The main recommendations for companies centre on developing better data on supply chain risks, internalising natural capital costs, improving resource efficiency in supply chains and exploring alternative suppliers. The recommendations for governments centre on understanding how risks to natural capital are distributed in the economy, understanding how natural capital costs could affect global competitiveness and developing policies for internalising costs to the economy.

The reading was quite challenging to summarise, but hopefully you have at least gained a sense of how the notion of ecosystem services can be used to convey economic costs – a language familiar to policy-makers and businesses.

However, you may also have noticed that ecosystem services place the emphasis on the services that arise from the item or thing itself and have less emphasis on the item itself. This suggests a rather anthropocentric view of the environment where something is not valued intrinsically, but rather by the service it provides. Critics have suggested the concept of ecosystem services remains within an economic language and economic framework, which had created the problems in the first place and led to understanding the environment as an ‘immense collection of service commodities’ (Robertson, 2012, p. 386). In other words, ecosystem services are a way of placing an economic valuation on environmental goods and services within a framework of economic growth as an indicator of well-being – a framework that increases pressure on the natural environment as part of trade-offs between development and the environment.

Thus, the extent to which ecosystem services represent an innovation in conceptualising and managing human–environment relations and the extent to which it can be used to foster innovations in development is subject to some debate, as is the extent to which ecosystem services are likely to be a helpful addition to the EIA. If we return to Ackoff, is the concept and practice of ecosystem services an example of doing the wrong thing righter? There are no immediate answers to the question, but this debate is discussed in Reading 8, part of a special issue on ecosystem services in the journal Environmental Impact Assessment Review.

## Reading 8 Baker et al., 2013, pp. 5–9

Read Sections 4 and 5 (pp. 5–9) of ‘Ecosystem services in environmental assessment – Help or hindrance?’ (Baker et al., 2013).

## Activity 25 Ecosystem services – help or hindrance?

Based on the research explored in the paper, what do the authors consider to be the main strengths and weaknesses of using ecosystem services in environmental assessment? Does the paper make any suggestions as to whether ecosystem services represent an innovation in environmental assessment approaches?

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### Discussion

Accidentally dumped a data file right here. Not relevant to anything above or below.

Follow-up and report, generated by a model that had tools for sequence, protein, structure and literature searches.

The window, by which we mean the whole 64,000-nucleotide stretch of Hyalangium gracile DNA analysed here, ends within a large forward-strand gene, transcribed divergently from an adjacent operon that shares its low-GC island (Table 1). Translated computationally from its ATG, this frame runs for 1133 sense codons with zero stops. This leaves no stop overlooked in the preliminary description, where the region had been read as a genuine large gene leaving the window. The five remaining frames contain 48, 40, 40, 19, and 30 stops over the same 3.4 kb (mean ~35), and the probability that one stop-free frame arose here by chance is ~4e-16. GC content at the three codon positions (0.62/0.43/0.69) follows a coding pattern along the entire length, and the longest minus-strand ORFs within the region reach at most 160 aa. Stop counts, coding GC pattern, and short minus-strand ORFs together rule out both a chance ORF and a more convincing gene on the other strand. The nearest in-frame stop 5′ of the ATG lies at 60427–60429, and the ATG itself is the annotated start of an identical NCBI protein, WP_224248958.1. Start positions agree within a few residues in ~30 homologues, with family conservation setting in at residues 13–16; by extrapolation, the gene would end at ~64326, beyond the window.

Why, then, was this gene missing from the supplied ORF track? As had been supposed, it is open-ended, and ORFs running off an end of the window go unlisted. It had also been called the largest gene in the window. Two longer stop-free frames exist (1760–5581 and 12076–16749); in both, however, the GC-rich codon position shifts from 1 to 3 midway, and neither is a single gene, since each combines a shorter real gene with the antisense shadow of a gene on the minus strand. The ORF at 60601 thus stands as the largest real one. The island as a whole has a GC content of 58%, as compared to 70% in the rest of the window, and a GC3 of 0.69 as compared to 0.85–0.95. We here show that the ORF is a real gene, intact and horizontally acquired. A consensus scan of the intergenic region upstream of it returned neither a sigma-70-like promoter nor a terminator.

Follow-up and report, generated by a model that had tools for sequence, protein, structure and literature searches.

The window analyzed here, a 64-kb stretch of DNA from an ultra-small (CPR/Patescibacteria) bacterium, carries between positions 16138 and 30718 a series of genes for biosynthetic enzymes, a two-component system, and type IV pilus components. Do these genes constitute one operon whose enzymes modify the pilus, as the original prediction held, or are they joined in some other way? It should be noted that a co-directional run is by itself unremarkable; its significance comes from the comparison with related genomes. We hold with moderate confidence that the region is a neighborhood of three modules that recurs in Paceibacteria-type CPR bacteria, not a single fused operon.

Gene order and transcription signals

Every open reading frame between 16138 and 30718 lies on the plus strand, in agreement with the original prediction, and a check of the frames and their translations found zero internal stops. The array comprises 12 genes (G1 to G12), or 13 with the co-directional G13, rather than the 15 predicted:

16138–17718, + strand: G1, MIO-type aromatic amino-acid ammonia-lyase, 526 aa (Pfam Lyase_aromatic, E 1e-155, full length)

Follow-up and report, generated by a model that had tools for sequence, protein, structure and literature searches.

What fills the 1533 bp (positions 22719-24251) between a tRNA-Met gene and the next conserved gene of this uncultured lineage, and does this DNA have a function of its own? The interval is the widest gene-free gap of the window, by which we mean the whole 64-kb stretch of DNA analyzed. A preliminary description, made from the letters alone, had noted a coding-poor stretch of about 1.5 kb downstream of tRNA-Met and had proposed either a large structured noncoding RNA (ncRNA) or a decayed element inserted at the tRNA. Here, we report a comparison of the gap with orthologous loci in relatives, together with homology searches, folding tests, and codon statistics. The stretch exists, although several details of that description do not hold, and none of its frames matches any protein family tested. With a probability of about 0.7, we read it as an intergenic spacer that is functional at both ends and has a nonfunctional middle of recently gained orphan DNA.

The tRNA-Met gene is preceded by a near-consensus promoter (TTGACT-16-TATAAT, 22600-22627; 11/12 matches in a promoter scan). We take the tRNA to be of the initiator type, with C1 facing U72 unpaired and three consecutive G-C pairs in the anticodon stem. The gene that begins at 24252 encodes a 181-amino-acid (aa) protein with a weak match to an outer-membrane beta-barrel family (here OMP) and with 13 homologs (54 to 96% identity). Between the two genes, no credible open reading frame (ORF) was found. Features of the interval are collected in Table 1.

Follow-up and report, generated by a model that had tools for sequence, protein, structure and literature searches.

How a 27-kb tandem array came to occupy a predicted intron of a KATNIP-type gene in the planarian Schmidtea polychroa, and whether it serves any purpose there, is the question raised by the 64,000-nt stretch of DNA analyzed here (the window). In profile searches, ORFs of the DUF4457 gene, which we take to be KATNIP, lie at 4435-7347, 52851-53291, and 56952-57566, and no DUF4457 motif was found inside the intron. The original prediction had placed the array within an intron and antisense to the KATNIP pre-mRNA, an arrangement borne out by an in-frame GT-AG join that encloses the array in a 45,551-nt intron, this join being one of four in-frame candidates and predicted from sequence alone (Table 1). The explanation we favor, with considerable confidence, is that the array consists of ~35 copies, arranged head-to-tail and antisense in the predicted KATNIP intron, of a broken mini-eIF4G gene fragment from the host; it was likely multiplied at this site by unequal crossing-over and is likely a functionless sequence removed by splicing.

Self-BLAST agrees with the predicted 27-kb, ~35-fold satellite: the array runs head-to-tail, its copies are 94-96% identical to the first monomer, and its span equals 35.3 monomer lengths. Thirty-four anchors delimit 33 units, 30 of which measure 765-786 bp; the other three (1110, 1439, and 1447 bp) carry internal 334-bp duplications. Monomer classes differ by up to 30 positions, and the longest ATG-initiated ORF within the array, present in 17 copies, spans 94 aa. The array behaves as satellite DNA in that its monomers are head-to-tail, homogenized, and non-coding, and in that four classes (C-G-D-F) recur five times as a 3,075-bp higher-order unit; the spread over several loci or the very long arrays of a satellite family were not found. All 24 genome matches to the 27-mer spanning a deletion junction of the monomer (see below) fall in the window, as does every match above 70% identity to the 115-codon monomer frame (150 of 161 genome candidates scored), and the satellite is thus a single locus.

According to the authors, the main strengths of using ecosystem services in environmental assessment are:

• It allows for integration of bundles of services rather than ‘discrete’ environmental topics.
• The environment is described in terms of benefits rather than things that can help in communication and policy-making.
• Ecosystem services may resonate more easily with stakeholders and members of the public.
• The concept can avoid ‘either/or’-type arguments by emphasising environmental and economic benefits.
• Possible impacts of the environment on the plan or project subject to an EIA can also be considered using ecosystem services.
• The value of the environment is made explicit through ecosystem services.

Some weaknesses include:

• The language of ecosystem services may not connect with all stakeholders.
• Ecosystem services is conceptually complex.
• The legal framework of environmental assessment may be undermined by the contested nature of ecosystem services valuation.
• An ecosystem services assessment can be very resource intensive.
• The different plans, programmes or projects and institutional contexts may mean ecosystem services is irrelevant in some cases.

The extent to which ecosystem services represents an innovation is therefore debatable.

On one hand, it does bring the discussion of environment and economics into a single arena and allows new ways of thinking about the environment as a service provider. This leads to a monetary valuation, thereby allowing an environmental assessment to determine environmental costs.

On the other hand, it may just be another conceptual framing that continues the economic model of the environment as a resource and assumes the environment can be valued and costed. In any case, ecosystem services may not be appropriate to the particular context and situation.

Experience of ecosystem services in environmental assessment is still growing and commentaries are beginning to adopt more critical perspectives on ecosystem services (see Schröter et al., 2014).

However, some organisations are claiming they are using other innovative ways to make connections with the natural environment more explicit and more embedded in the life of organisations.